I live in Baltimore.  The closest ACROD parish is quite a distance away (outside of DC) especially considering the local OCA parish is a ten minute car ride/fifteen minute bus ride/forty minute walk from my house. 

The Great Russian traditions are good enough for me and the choir does sing the occasional Carpatho-Rusyn melody now and again.  In fact, the Creed was sung in such a way just this past Sunday. Smiley

I didn't realize.  We were just there to see Poe's house and grave, and his death spot.   Ended up with a lovely tour of the "interesting" parts of Baltimore (had a cop pull a gun on me at one point).

Much of the OCA is Carpatho-Rusyn, even a good chunk of the 'Great Russian' parishes.
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« Reply #20 on: July 15, 2009, 03:49:43 PM »

So schultzy, what happened to make you want the OCA instead? The one person I met -in the Byzantine Catholic Church - seemed to more than imply a sort of Gnostic philosophy of the natures of Christ being both woman and man. I spoke with her in detail concerning this matter and she used the Theotokos as an example, saying that Mary is the coredemptress in the Salvation of Mankind. Does this sound familiar to you?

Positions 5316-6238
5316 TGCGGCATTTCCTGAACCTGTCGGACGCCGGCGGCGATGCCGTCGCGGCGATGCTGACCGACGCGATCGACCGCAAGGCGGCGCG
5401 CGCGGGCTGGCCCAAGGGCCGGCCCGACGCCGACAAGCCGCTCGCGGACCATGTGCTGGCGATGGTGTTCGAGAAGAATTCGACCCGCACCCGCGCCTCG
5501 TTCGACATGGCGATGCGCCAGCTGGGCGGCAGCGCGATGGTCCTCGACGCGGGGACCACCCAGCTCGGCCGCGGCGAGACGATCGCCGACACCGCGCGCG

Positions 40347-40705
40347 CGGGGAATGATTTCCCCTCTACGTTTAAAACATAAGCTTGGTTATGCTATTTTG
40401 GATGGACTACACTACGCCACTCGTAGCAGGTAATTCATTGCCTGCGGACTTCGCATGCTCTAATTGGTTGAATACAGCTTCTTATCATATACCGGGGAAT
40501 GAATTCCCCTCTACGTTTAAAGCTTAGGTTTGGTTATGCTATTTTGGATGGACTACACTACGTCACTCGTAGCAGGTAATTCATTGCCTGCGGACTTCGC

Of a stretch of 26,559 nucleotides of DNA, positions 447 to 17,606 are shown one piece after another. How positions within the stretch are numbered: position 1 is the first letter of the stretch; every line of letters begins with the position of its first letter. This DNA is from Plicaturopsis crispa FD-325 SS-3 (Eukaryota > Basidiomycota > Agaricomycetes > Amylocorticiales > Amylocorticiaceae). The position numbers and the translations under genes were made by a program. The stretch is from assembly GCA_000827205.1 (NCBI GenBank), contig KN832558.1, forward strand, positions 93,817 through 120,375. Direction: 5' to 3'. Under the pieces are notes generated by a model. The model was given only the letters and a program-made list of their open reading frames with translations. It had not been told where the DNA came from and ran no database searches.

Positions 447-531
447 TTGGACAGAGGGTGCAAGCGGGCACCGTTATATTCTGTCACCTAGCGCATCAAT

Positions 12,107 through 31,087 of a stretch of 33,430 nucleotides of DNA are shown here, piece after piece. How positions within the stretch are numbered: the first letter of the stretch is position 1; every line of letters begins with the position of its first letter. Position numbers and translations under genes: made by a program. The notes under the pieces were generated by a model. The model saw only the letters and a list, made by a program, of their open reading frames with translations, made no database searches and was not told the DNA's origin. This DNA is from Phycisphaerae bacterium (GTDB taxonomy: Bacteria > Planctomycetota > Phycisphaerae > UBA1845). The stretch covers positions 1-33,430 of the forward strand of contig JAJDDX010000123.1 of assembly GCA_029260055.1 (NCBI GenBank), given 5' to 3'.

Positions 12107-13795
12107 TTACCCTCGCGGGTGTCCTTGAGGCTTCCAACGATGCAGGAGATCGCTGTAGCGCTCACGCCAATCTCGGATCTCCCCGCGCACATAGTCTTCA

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« Reply #21 on: July 15, 2009, 04:03:15 PM »

So schultzy, what happened to make you want the OCA instead? The one person I met seemed to more than imply a sort of Gnostic philosophy of the natures of Christ being both woman and man. I spoke with her in detail concerning this matter and she used the Theotokos as an example, saying that Mary is the coredemptress in the Salvation of Mankind. Does this sound familiar to you?

Theologically, I spoke about my reasons in my first post.